A virus has to attach to a cell and penetrate the cell's membrane to cause infection, so it's important to understand how a virus causes infection if we are to stop it. Scientists have now created a tool that enabled them to visualize a virus as it infected a cell, and that tool can be used to observe other viruses, including SARS-CoV-2, as they enter cells. The method is called VIRIM ('virus infection real-time imaging'), and has been reported in Cell. Existing techniques have provided snapshots of viruses infecting cells, which can be pieced together. But this effort shows the process, uninterrupted, from start to finish for an RNA virus.
There are many types of RNA viruses, some of which are known to infect humans. These viruses have a genome made of RNA, instead of DNA, the typical component of genomes for most organisms. Known RNA viruses include and rhinoviruses, coxsackieviruses, and poliovirus, which are enteroviruses, as well as coronaviruses, and Zika virus. These viruses attach to a host cell, empty their RNA genome into the host, and take over the host cell machinery to produce more viral particles. These viral particles can go on to infect other cells, or be shed by the host so they infect other organisms (or people).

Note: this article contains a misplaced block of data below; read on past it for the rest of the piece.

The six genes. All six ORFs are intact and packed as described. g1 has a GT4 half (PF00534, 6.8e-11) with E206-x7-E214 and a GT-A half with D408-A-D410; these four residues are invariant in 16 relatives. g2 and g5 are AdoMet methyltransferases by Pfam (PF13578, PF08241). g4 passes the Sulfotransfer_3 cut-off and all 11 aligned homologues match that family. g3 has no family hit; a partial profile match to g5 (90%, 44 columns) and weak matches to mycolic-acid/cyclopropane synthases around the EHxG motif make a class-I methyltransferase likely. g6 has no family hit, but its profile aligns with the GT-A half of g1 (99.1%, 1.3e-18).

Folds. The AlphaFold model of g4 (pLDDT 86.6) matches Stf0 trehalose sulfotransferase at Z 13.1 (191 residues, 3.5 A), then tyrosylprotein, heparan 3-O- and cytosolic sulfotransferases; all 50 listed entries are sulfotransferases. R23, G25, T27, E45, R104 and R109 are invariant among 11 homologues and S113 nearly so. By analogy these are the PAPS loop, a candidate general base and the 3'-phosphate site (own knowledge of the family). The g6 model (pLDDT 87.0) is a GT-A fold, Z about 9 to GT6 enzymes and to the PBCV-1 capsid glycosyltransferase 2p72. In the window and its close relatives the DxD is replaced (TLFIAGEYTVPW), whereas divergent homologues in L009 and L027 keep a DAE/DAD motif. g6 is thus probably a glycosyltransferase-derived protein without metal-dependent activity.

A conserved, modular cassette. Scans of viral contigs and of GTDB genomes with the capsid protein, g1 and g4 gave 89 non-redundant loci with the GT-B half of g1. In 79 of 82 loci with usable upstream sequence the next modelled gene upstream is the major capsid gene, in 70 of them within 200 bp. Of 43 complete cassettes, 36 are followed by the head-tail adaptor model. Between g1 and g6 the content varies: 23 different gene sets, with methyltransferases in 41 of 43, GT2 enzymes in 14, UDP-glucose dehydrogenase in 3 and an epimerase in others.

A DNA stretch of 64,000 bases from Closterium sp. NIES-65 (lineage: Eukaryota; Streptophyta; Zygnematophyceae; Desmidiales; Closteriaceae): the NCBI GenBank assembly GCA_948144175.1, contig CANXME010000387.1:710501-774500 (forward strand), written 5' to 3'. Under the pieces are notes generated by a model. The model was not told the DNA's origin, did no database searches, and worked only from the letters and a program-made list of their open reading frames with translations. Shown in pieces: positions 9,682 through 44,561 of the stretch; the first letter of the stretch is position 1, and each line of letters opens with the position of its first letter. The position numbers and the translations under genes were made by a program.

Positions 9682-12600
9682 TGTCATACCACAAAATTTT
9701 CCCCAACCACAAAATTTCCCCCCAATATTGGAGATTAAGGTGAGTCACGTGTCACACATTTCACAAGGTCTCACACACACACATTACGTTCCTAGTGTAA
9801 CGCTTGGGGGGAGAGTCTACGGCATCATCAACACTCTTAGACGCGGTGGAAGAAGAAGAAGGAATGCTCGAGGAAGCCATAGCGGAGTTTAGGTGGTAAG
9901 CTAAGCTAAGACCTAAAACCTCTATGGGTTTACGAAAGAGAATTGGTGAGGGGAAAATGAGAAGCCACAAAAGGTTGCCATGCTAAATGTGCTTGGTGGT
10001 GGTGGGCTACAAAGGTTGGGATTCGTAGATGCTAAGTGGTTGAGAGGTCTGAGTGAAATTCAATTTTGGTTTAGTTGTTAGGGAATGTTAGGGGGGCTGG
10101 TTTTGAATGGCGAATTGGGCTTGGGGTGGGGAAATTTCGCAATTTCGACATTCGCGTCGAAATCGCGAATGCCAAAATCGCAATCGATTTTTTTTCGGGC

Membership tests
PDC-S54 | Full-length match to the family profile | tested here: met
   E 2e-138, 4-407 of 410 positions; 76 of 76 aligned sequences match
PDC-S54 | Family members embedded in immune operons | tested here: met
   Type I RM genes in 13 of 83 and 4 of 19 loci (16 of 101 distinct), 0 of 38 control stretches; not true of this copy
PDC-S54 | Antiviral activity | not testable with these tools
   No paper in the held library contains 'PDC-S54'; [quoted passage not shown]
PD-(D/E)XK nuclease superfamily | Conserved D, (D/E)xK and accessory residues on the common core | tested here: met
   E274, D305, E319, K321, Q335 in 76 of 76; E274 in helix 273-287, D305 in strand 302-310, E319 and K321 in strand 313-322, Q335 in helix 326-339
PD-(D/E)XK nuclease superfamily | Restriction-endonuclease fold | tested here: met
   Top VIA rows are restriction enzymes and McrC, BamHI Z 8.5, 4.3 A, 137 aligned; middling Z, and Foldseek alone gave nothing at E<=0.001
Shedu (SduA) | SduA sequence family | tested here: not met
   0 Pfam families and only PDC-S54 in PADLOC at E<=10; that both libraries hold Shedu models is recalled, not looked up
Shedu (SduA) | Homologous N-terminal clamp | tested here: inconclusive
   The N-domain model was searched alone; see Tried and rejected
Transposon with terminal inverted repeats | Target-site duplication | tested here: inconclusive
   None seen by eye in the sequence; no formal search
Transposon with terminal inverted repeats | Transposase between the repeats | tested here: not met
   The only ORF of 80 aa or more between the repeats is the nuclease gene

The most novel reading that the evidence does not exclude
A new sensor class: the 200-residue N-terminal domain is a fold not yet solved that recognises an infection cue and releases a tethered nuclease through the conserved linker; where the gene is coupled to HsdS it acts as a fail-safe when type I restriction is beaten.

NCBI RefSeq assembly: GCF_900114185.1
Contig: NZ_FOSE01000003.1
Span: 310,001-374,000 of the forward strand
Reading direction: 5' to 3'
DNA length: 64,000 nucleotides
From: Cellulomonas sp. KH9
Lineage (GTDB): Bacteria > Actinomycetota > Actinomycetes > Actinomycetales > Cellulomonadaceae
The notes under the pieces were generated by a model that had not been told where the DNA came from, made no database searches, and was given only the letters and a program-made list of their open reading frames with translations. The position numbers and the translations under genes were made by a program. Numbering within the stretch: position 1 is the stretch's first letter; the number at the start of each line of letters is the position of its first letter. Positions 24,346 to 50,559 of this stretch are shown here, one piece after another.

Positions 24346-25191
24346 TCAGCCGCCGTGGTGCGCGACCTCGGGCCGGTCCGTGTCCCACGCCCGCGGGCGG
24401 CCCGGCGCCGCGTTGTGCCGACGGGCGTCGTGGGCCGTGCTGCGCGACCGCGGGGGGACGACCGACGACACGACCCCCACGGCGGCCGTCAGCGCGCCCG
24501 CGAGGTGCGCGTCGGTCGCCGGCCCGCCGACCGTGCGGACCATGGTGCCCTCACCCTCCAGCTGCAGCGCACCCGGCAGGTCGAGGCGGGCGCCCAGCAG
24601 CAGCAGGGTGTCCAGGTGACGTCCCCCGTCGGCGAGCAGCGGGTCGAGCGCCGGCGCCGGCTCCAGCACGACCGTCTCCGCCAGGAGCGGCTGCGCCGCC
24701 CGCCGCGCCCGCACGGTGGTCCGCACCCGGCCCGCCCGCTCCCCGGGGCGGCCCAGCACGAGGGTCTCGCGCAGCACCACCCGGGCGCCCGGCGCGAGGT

"This new method enables us to address many important questions about viruses," said the first author of the report, Sanne Boersma.
VIRIM uses a method called SunTag, in which proteins are labeled with a fluorescent marker so they can be easily seen in a microscope. With SunTag, researchers can visualize when and where proteins are being produced in a cell; in this case, viral proteins made in an infected host cell. With VIRIM, the level of detail is so precise, individual proteins can be seen. Thus, an infection can be viewed from the time the first viral protein is made.
Naturally, an infected cell will try to defend itself from a viral invader. The researchers could observe the competition for protein production between the virus and host. In some cells, the host won the battle.
"These host cells were infected by a virus, but the virus failed to replicate," said Boersma.
When the researchers gave the defense systems of host cells a boost, there was a disruption in the replication of the virus that stopped it from taking over.
"The first step in the replication process is the Achilles' heel of this virus: this moment determines whether the virus can spread further," explained Boersma. "If the host cell does not manage to eliminate the virus at the very beginning of an infection, the virus will replicate and win the competition."
It may be possible to use VIRIM to find vulnerabilities in viruses, and potentially prevent them from causing infection.
"Understanding viral replication and spreading can help us determine the Achilles' heel of a virus. This knowledge can contribute to the development of treatments, for example a treatment that intervenes during a vulnerable moment in the virus' life. That allows us to create more efficient therapies and hopefully mitigate the impact of viruses on society," said Boersma.